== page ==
Not Quite What it Says on the Bottle

A few weeks back there was a lot of discussion over the bad bosutinib which had come from the wrong aniline being used in its synthesis – fortunately none in the clinical trials, but making a mess of the other research work being done using it.

I will guess that most folks working in a lab have had some sort of “bad bosutinib” story, though obviously not quite so important and more easily caught. Many wise heads shake when a bright young chemist offers up his bought LDA solution – better make it yourself, I was always told. I’ve had another couple of stories recently that I will share today.

The first was a bought chemical – ethyl bromoisovalerate. I was interested in that isopropyl group being added to my molecule and ran my chemistry as usual. But when I got my NMR of my product, the distinctive isopropyl was nowhere to be found. Turned out to be ethyl bromovalerate – the straight chain version. A shame, as I had already bought that one.

This one was easily caught because I knew what I was looking for. The other was not so easy for me for the exact opposite reason – I did not know what was wrong.

This one was some HPLC vials. I had used screw cap ones all my career to date, but my colleague that was in charge of the HPLC (and whose stock of vials I was raiding) used push on caps. Well, no problem, except they wouldn’t stay on. Not just one or two either, but half the vials had the caps slowly rising up off the vial again – a major concern when you are doing automatic injections. The needle will not like that. I complained to my colleague about the caps and how terrible they were and she told me that she’d never had a problem with them before. Then we really looked at them – they weren’t quite right. There was no little groove on the vial lip for the cap to clip onto (see my poorly taken photo).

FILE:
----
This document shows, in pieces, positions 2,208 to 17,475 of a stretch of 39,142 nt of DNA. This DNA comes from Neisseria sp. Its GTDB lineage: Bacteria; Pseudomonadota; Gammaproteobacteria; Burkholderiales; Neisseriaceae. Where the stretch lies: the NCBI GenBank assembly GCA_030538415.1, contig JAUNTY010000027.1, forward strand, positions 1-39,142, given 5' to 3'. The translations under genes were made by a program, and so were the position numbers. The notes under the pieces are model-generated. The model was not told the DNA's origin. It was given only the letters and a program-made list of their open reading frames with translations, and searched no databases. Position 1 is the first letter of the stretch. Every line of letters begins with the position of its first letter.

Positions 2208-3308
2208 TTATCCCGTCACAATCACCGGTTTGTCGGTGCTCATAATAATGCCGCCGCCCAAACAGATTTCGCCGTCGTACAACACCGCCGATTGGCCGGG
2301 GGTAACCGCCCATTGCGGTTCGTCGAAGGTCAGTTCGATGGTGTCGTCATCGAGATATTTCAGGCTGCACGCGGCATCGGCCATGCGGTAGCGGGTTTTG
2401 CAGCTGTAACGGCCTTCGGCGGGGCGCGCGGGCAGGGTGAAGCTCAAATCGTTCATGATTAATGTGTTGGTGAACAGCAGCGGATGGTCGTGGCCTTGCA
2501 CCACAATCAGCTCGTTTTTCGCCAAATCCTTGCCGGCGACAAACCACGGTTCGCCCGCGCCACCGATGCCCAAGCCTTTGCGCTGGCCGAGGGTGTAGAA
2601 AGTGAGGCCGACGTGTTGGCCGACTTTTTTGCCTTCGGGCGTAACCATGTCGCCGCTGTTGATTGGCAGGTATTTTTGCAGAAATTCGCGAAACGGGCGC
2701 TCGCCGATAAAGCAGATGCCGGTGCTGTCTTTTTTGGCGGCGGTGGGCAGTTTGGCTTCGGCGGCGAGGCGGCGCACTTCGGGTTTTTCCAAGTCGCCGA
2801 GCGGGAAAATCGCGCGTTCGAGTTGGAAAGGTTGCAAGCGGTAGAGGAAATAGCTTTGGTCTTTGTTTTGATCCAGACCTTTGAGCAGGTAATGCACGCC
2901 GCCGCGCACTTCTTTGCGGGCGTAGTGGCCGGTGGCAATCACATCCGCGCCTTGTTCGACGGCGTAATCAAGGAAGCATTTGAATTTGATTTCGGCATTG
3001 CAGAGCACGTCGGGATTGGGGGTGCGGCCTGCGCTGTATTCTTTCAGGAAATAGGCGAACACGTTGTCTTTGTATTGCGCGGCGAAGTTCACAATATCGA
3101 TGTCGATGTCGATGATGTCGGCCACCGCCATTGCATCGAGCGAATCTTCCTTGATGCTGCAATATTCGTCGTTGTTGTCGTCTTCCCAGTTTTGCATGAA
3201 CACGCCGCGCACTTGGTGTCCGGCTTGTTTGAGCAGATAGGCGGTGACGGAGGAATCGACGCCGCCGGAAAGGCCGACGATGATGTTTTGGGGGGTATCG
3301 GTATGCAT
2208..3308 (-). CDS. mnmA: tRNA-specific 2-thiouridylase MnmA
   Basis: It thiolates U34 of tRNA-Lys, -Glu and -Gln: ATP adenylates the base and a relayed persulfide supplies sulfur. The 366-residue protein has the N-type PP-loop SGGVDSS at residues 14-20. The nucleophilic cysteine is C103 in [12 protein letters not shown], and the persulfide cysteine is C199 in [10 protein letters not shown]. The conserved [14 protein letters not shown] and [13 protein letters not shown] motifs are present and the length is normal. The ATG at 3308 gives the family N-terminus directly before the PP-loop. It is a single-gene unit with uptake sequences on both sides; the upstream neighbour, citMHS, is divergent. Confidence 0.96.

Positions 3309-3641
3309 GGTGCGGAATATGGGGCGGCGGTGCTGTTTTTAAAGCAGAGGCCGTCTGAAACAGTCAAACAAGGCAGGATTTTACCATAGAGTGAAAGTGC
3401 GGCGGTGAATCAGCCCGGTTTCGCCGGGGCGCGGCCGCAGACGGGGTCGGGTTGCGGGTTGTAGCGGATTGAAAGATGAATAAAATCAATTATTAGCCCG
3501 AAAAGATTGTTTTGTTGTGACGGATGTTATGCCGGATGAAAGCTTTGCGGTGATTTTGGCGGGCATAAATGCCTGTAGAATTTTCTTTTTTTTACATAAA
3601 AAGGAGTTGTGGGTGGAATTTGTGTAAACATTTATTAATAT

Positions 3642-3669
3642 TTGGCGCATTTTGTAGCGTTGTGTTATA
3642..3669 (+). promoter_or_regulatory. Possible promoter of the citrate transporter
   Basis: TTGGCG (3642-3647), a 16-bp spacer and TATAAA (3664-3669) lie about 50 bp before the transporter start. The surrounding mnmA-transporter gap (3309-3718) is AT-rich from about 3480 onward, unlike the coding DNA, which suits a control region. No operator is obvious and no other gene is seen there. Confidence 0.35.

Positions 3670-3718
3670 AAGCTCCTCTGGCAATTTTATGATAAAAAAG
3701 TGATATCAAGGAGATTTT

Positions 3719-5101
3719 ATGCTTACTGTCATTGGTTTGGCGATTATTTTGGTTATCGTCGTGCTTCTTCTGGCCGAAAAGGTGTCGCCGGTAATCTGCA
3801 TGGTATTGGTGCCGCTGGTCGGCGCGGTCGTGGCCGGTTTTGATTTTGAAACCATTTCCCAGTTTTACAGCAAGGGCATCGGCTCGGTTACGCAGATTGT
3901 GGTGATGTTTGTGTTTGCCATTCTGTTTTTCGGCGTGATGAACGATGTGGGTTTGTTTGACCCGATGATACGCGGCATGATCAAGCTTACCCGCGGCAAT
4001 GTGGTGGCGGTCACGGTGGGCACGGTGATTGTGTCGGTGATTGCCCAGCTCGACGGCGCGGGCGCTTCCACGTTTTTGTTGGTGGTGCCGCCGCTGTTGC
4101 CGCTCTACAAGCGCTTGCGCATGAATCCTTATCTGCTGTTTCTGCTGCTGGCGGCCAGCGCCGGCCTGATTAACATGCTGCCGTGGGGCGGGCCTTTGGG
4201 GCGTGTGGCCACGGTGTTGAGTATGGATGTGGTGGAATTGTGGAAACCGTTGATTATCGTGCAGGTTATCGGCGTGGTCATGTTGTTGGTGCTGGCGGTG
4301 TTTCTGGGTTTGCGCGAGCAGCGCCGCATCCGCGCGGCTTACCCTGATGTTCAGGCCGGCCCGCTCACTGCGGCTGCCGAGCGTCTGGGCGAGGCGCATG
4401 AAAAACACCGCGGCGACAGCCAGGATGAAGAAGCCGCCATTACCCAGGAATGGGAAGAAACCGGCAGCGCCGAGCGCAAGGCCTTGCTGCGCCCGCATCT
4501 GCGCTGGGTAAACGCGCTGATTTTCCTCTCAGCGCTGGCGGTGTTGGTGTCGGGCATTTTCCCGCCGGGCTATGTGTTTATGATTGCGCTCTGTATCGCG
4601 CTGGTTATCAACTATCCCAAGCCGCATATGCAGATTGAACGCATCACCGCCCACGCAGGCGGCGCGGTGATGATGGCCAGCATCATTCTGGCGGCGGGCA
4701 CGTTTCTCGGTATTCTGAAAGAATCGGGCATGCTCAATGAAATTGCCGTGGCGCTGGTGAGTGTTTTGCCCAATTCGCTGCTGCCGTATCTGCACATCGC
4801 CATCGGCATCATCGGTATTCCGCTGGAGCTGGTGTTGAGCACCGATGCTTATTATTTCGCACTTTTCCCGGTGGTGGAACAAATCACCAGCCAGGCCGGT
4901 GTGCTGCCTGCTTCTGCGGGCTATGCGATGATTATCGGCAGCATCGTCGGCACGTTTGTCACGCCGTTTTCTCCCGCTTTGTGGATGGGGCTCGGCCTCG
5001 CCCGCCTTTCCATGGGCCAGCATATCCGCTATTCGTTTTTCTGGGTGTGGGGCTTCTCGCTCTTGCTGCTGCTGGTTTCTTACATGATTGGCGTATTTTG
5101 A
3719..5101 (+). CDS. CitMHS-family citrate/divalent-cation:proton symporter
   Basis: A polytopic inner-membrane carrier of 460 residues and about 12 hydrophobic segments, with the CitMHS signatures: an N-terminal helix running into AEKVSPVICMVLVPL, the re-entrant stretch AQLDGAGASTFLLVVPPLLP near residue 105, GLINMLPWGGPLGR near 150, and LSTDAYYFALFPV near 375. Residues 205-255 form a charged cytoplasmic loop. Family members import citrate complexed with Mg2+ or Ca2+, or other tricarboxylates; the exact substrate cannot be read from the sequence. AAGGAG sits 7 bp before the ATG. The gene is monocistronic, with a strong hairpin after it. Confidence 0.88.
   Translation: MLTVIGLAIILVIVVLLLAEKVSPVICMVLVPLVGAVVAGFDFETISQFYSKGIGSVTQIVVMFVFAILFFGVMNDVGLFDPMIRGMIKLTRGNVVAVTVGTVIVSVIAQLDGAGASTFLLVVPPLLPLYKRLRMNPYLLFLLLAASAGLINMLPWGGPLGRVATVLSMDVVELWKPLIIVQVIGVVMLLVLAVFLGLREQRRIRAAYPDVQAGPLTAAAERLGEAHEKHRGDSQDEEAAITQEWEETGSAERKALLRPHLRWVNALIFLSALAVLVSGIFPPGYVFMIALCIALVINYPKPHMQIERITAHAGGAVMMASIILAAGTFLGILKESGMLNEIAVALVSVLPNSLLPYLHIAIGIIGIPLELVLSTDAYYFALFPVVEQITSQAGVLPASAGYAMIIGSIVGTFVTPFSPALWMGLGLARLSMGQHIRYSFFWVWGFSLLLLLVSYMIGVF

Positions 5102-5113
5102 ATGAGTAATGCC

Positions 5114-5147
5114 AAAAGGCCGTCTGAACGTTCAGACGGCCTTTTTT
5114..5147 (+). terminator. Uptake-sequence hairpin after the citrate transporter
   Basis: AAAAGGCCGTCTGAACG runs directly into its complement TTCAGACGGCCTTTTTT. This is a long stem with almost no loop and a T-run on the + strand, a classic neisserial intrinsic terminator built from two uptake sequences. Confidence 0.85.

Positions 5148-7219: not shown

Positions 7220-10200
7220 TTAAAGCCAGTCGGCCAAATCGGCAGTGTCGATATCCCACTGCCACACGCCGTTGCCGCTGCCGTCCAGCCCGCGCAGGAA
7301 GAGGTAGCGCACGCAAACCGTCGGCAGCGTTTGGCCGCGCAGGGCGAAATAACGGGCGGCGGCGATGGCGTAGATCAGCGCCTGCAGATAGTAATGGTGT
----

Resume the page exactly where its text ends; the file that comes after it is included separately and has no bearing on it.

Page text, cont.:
As soon as I changed the vials for a fresh box that weren’t all faulty, the problem went away. I didn’t realize straight away because I wasn’t familiar with these kinds of caps and how they worked. Sometimes you just have to say to yourself “they wouldn’t deliberately make them so difficult to use.”

Would they?

One comment on “Not Quite What it Says on the Bottle

  1. Those other vials aren’t ‘faulty’, they’re just the kind that need a crimp-cap. you have to slide the cap over then use a crimping tool to fix it on. My guess is someone somewhere put the wrong label on the box…

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